Neurodegenerative Diseases and CNS Biomarker Discovery

Departments of Neurology and Physiology/Pharmacology


The overall focus of our research is on the neuropathophysiology associated with neurodegenerative disorders. Our research focus has expanded over the years from prion diseases and Alzheimer’s disease (AD) to acute and chronic traumatic brain injury (TBI). The secondary long-term effects of TBI have been identified as a risk factor for the group of diseases termed tauopathies which includes, but not limited to, AD, chronic traumatic encephalopathy (CTE) and likely Parkinson's disease. Our research involves biomarker discovery, validation and development of ultrasensitive diagnostic protein biomarker assays. In addition, our studies have included efforts on enhancing neuroprotection and reducing neurodegeneration following acute and chronic TBI using both pharmacological and molecular approaches as a means of therapeutic intervention.

Below is a partial list of our current funding reflecting some of our research interests:

Biomarker Based Precision Medicine Approach to TBI Subphenotypes

Funding Source: Department of Defense

Project Summary

To examine and characterize the temporal profile of a panel of biofluid biomarker
candidates from three cohorts: University of Pittsburgh, Baylor College of Medicine and the Malcolm Randal VA medical center. The key markers are precision medicine and TBI-subphenotype-based, and include neuronal/astroglia injury (UCH-L1, GFAP), axonal injury (NF-L, pNF-H), neurodegeneration (T-tau, P-tau231, alpha-synuclein), proinflammatory response (cytokine IL-6, chemokine ITAC, cytokine receptors sCD30, sIL1RII), vascular injury/remodeling markers (VEGF-A), autoimmunity response (autoantibodies to GFAP, NFL, GAD1, MBP, MAG etc.) and selected HPA axis hormones (cortisol, testosterone , estradiol & T3).

Validation of the Ultrasensitive Laser-Based RCA-SOFIA Platform for Detection of PD Associated alpha-Synuclein Oligomers in Human Blood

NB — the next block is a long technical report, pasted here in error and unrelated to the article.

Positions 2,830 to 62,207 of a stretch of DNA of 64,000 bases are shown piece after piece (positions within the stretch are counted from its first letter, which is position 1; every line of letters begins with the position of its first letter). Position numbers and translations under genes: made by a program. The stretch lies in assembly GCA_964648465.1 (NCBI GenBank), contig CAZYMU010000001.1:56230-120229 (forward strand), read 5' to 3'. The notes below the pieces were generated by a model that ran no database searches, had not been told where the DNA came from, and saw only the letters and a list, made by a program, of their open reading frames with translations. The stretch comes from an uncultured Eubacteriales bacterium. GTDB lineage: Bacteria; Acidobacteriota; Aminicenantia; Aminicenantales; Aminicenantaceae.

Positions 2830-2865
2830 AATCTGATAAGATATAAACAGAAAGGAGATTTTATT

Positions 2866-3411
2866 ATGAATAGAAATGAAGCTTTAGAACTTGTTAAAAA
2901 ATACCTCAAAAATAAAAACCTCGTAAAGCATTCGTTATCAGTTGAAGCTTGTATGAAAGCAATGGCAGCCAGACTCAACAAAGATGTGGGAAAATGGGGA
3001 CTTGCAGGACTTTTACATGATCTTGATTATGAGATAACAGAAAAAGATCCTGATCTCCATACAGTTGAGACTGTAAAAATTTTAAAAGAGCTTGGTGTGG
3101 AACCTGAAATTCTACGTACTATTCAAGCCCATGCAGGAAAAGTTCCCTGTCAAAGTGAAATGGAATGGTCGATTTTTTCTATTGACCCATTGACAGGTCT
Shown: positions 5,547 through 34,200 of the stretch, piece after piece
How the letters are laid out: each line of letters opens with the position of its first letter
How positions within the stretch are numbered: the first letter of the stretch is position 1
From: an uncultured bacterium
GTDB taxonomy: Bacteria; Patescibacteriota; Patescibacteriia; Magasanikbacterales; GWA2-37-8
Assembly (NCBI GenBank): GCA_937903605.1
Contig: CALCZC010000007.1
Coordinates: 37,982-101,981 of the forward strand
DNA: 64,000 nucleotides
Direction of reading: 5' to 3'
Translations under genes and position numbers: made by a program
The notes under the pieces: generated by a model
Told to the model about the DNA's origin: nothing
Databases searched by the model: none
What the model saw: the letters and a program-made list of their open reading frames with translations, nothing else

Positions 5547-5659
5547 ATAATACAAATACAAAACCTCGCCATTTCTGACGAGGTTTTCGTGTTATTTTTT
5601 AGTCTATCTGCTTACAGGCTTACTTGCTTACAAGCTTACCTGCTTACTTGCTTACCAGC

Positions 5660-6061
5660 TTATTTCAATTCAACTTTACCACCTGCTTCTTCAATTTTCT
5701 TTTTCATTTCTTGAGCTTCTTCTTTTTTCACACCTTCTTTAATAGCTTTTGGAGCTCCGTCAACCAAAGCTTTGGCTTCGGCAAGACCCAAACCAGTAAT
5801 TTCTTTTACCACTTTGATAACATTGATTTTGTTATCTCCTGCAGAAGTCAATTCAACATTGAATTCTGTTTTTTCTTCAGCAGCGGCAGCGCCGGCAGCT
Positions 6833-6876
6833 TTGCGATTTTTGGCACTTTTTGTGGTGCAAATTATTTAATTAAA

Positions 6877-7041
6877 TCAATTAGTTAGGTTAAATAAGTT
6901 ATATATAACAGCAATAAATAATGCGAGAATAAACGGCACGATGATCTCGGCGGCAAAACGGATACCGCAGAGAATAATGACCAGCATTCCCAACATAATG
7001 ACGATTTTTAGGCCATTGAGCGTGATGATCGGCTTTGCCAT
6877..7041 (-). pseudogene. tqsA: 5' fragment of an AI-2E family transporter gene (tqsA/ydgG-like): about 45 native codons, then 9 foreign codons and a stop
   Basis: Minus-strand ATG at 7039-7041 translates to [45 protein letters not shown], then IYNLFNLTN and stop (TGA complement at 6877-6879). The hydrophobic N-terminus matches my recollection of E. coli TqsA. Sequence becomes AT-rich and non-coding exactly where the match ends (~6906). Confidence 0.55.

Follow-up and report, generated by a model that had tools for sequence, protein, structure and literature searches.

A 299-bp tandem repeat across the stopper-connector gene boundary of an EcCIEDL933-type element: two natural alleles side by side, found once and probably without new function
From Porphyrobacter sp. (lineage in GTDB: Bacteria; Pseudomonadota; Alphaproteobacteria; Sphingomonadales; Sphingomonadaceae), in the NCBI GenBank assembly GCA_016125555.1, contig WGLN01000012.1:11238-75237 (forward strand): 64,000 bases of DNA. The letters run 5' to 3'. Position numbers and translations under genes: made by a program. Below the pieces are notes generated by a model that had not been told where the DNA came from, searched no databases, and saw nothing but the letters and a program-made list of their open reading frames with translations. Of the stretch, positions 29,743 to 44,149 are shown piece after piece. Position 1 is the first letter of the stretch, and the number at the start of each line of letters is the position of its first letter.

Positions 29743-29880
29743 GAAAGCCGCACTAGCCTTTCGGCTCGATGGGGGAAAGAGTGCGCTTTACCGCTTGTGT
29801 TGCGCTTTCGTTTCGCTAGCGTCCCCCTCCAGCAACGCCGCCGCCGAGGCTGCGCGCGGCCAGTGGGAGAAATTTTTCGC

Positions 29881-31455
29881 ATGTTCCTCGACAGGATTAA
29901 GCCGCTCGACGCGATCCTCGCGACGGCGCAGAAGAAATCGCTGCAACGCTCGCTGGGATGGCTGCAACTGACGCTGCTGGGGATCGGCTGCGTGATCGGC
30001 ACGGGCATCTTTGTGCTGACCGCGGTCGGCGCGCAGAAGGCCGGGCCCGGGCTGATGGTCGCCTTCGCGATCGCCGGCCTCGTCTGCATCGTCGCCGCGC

Funding Source: Michael J. Fox Foundation

Project Summary

Sensitive, specific and consistent detection of oligomeric alpha synuclein (a-SynO) in biofluids might provide a reliable biomarker for disease diagnosis, progression, and a theranostic approach. The study design for this project includes: (i) a-SynO assay development using a sensitive laser-based immunoassay (RCA-SOFIA) and a commercially available, but "homebrew" required, single molecule array (SIMOA) platform, (ii) Characterizing the analytical metrics associated with in vitro a-SynO detection, (iii) Validating RCA-SOFIA and SIMOA "homebrew" in vivo by detection of a-SynO in stratified PD (and control) patient bloods with and without exosome preparation.

Gap-Based Milieu Biomarkers for Traumatic Brain Injury (GAMBIT-TBI)

Funding Source: Department of Defense

Project Summary

Currently, there exists important and essential unfilled and unanswered clinical
knowledge gaps, especially regarding the heterogeneity of TBI pathology, subphenotypes, and disease progression / recovery course. The GAMBIT-TBI study is to use disruptive thinking and innovation strategies to introduce knowledge gap-filling blood- & neuroimaging-based “milieu” biomarker tools to interrogate TBI subphenotype and prognosticate military and civilian TBI related post-acute cognitive and emotional dysfunctions. GAMBIT-TBI has four interlinked projects: a) Studying panels of CNS biomarkers and correlating them to TBI subphenotypes and cognitive deficits, b) Examining moderators of CNS damage and neurodegeneration, c) Neuroimaging assessment of polytomous mechanisms of brain health decline after TBI, and d) Plasma DNA methylation profiling for TBI interrogation. Integrating the 4 projects will have short-term benefits on individualized patient care post TBI and long-term benefits on follow-up care and treatments.

For More Information Contact:

Richard Rubenstein, Ph.D., Professor and Director